Following the complaints, the shareholders took action on the matter and signed off on August 2nd Rosen Law, representing the group of investors, filed a lawsuit against Activision Blizzard, By accusing the company of “failing to publish false and / or misleading statements and / or details of discrimination against minority women and employees”.

They also pointed out that they had never been informed that the company had been under investigation for two years. Their claim includes compensation for the economic losses they suffered in the weeks following the complaint, as the value of the shares plummeted after the lawsuit was filed.

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Dieter Waizenegger, CEO of the Center for Strategic Regulation of Investment (SOC), clarified that Activision’s response to the lawsuit was “not enough,” while the company’s promises were “far enough to solve problems. In-depth and wide-ranging discussions on equity, content and human capital management.”

La deuncia de The Wall Street Journal

For its part, The Wall Street Journal (WSJ) published a report last week in which it stated: Bobby Kodik was well aware of complaints of sexual harassment and discrimination on Activision.

In addition, “Over the years, Kodik has been accused by various women of misconduct inside and outside the workplace, and in some cases he has manipulated to resolve complaints quickly and quietly.”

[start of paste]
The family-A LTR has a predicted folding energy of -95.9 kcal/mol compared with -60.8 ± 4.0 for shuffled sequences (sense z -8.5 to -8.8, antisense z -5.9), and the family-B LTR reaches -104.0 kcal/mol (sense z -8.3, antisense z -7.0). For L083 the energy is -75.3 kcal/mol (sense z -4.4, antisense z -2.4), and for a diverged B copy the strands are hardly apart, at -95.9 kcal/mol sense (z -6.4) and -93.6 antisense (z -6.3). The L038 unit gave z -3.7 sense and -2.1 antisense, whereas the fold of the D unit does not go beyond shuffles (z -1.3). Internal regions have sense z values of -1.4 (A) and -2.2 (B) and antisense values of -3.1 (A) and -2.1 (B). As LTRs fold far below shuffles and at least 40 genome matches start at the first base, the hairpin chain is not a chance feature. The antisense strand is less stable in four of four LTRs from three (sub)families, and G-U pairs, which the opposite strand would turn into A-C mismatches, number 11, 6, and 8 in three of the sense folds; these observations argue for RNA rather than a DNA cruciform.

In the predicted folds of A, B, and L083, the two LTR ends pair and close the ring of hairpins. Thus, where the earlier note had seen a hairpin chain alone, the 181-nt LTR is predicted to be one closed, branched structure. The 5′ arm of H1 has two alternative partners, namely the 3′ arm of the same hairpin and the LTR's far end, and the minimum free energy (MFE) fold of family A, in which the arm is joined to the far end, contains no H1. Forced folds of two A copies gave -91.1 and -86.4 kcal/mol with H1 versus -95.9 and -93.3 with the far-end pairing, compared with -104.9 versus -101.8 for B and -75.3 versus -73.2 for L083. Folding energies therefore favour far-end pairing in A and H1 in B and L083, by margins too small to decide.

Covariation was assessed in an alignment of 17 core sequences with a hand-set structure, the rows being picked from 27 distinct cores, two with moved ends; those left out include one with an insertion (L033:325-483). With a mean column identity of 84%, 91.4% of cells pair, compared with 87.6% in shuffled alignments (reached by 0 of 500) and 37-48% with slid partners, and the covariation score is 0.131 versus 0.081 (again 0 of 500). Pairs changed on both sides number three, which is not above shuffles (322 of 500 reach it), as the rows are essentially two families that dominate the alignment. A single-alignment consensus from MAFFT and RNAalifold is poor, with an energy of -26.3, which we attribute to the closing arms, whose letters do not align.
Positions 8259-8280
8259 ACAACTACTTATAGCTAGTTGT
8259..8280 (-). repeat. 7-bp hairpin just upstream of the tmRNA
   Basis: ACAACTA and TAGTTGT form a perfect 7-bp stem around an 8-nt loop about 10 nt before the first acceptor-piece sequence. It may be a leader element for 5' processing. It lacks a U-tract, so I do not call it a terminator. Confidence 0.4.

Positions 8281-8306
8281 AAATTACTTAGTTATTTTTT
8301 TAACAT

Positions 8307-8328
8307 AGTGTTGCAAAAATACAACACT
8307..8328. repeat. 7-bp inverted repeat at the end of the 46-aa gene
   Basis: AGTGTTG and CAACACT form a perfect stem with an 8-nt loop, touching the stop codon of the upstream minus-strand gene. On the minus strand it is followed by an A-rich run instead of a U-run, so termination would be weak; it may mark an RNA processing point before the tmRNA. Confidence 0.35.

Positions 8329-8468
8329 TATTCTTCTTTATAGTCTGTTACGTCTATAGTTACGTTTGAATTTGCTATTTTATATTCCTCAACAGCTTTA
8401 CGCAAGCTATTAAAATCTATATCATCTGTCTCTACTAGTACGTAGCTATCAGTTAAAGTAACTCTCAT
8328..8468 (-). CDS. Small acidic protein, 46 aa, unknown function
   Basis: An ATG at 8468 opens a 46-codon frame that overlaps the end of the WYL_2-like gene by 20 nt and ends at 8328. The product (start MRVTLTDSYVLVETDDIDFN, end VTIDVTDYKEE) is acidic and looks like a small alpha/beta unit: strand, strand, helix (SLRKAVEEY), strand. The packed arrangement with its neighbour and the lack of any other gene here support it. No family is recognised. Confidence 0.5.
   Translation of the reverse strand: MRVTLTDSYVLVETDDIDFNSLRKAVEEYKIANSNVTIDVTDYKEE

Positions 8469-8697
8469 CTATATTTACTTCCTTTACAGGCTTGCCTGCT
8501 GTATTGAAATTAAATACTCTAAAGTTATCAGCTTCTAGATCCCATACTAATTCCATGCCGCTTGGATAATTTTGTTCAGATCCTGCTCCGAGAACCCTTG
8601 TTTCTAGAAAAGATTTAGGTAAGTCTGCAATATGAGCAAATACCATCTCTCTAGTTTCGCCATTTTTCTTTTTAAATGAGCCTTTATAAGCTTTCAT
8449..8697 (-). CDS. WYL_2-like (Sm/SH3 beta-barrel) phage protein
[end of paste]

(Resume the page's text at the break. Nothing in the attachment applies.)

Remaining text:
In 2006, Kodik allegedly assaulted and threatened to kill an aide by word of mouth, and a year later the manager was prosecuted for unjustly firing a flight attendant – from his private jet – on charges of sexual harassment. In 2008, the out-of-court settlement was sealed, which paid the complainant $ 200,000.

The same media reported on the case of a Sledgehammer Games employee who was reported to have been raped by a supervisor in 2016 and 2017, and Kodik never told the board what happened.

In 2017, Treyarch’s co-director Dan Bunting (Call of Duty: Black Ops) was sexually harassed by another employee. Although an internal investigation determined the guilt of the aforesaid, he was not removed because of the intervention of Bobby Kodik. Bunting left Troyarch on November 17 after a wave of criticism against him.

Other similar cases occurred in 2020, when Activision’s sports division staff reported acts of sexual harassment and discrimination by supervisors. Cody was informed by email what had happened, but did not act forcefully. Instead of shooting the bullies, they were sent to diversity talks.

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The WSJ inquiry prompted a group of investors to resign, including the CEO: “Bobby Kodik was aware of numerous sexual harassment, sexual assaults and sexual harassment on Activision Blizzard, but did not confirm responsible executives who were fired and did not acknowledge the legitimacy of hostile culture in the company’s workplace.”

“After the new revelations, it is clear that the current leadership has failed to maintain a secure workplace. This is the core function of their mission. Activision Blizzard needs a new CEO, team leader and experienced independent director. They have the skills and confidence to truly change the culture of the company. We need to have a reset button.” Investors decided that.